Mental Health Services - Bipolar

Advancements in the mental health field have made disorders more easy to diagnose and treat. Bipolar, also known as manic depression, is one condition that we continue to better understand. This has allowed patients and their loved ones to utilize more accessible resources for care management.

The Diagnostic and Statistical Manual of Mental Disorders (DSM-5) is a book used by mental health professionals to provide a diagnosis for disorders, including bipolar disorders. Since the DSM defines multiple types of bipolar, a complete medical exam is needed to create an individualized plan and help determine the best course of treatment. It is important to understand that the condition is long-term and life changing.

Mental Health Services - Bipolar

Symptoms of Bipolar Disorder


According to the DSM-5, those diagnosed with bipolar have had one manic episode and an occurrence of both manic and depressive episodes which cannot be the result of another medical condition. If other family members have been diagnosed, the likeliness of having bipolar increase.

The symptoms which medical professionals consider when making a diagnosis also include:

  • Mood changes that feel sudden and/or extreme

  • A change in sleep habits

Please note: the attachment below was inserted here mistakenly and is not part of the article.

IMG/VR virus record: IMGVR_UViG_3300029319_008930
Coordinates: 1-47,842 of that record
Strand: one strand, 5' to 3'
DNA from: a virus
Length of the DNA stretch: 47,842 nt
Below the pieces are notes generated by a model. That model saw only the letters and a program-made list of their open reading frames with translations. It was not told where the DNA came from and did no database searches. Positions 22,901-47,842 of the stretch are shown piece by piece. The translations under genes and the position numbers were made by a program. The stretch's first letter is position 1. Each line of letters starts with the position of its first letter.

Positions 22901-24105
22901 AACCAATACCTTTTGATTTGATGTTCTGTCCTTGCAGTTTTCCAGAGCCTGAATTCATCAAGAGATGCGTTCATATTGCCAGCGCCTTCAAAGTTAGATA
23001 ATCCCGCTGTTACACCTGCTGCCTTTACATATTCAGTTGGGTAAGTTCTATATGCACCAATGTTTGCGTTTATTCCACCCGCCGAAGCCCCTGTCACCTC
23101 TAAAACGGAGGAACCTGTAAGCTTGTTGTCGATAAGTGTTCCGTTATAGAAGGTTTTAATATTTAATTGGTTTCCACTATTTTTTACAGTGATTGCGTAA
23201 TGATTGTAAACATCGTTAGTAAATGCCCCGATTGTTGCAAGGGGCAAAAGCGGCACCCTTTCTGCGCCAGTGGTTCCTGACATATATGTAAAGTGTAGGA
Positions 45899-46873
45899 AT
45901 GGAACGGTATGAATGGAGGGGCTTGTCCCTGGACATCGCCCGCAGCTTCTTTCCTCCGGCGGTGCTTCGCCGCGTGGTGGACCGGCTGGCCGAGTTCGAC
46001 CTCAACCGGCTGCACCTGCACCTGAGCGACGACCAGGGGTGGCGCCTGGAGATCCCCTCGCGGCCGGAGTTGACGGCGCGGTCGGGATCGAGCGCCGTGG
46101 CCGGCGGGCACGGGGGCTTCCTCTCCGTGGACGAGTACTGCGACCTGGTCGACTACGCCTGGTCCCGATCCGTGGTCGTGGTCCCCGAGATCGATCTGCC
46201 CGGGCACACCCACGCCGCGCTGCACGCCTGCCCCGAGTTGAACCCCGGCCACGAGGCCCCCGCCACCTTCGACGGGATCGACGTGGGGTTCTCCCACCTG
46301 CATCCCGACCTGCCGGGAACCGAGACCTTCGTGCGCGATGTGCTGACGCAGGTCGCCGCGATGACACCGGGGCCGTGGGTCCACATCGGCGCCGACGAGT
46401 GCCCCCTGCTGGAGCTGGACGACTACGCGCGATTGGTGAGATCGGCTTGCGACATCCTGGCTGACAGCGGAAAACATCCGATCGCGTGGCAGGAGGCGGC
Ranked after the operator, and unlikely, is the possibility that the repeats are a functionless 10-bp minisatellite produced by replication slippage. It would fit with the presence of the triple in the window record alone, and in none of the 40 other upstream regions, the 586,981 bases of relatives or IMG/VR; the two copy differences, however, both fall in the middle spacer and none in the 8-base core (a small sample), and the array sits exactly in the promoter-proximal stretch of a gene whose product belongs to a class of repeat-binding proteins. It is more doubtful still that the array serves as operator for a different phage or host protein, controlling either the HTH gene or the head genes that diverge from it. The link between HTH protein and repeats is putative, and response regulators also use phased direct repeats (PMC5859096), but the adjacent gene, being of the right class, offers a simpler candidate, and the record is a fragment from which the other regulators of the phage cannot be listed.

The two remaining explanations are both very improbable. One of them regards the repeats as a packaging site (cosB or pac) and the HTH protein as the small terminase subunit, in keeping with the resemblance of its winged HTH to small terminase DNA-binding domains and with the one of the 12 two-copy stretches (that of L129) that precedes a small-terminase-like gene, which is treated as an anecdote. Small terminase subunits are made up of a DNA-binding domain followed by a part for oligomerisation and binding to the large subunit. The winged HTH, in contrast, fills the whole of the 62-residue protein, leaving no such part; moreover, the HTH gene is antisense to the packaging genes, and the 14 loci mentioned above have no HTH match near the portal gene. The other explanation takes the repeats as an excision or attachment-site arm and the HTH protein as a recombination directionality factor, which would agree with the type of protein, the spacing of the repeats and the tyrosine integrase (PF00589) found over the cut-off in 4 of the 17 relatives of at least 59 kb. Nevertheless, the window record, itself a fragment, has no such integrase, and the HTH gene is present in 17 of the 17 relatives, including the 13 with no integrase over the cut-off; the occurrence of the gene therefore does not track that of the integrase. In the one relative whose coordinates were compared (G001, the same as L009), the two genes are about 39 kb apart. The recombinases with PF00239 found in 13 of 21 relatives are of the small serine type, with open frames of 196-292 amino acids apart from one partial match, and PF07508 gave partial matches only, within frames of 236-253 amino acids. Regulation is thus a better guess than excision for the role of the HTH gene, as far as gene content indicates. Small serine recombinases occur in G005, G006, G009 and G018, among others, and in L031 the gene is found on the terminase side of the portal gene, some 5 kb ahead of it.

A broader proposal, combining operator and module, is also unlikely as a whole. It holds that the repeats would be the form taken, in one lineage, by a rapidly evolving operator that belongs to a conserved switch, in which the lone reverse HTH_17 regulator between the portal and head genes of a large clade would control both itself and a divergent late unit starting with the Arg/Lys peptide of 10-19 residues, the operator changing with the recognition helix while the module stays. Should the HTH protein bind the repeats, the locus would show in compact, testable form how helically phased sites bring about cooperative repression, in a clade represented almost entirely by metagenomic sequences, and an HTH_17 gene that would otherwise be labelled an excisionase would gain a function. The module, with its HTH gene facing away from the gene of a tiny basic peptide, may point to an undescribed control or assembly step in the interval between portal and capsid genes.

• A loss of interest in activities

  • Fatigue

  • Weight/appetite changes

  • Poor concentration

  • Agitation or nervousness

  • Feelings of worthlessness

  • Suicidal ideations

Treatment for Bipolar Disorder


There is no cure for bipolar. However, treatments developed specifically for properly diagnosed individuals can be effective. Some of the most effective treatments involve the simultaneous use of psychotherapy and medication. Some patients experience success with cognitive behavioral therapy (CBT), family-focused therapy, mood stabilizers and antidepressants. All patients, particularly those experiencing substance abuse issues, can have success with treatment by improving the following:

  • Sleep

  • Diet

  • Physical activity

  • Attitude about living with bipolar

  • Social interaction

Several celebrities speaking publicly about their bipolar diagnosis the past ten years have, undoubtedly, helped others with the diagnosis. For example, singer/songwriter Demi Lovato sometimes includes her life story in interviews and has started a campaign called “Be Vocal: Speak up For Mental Health”. Legendary Star Wars actress Carrie Fisher spoke openly about her bipolar diagnosis and treatment during her lifetime. Other notable celebrities who have the diagnosis are Catherine Zeta-Jones, Russell Brand, and Jane Pauley.

Bipolar is addressed publicly with the hopes of continuing an understanding of the condition. This has helped encourage some to get the help they need and be comforting to their caregivers. It has also kept medical professionals focused on treatment and advancements. Most importantly, it can maintain an open discussion which can reduce stigmas that people faced decades ago.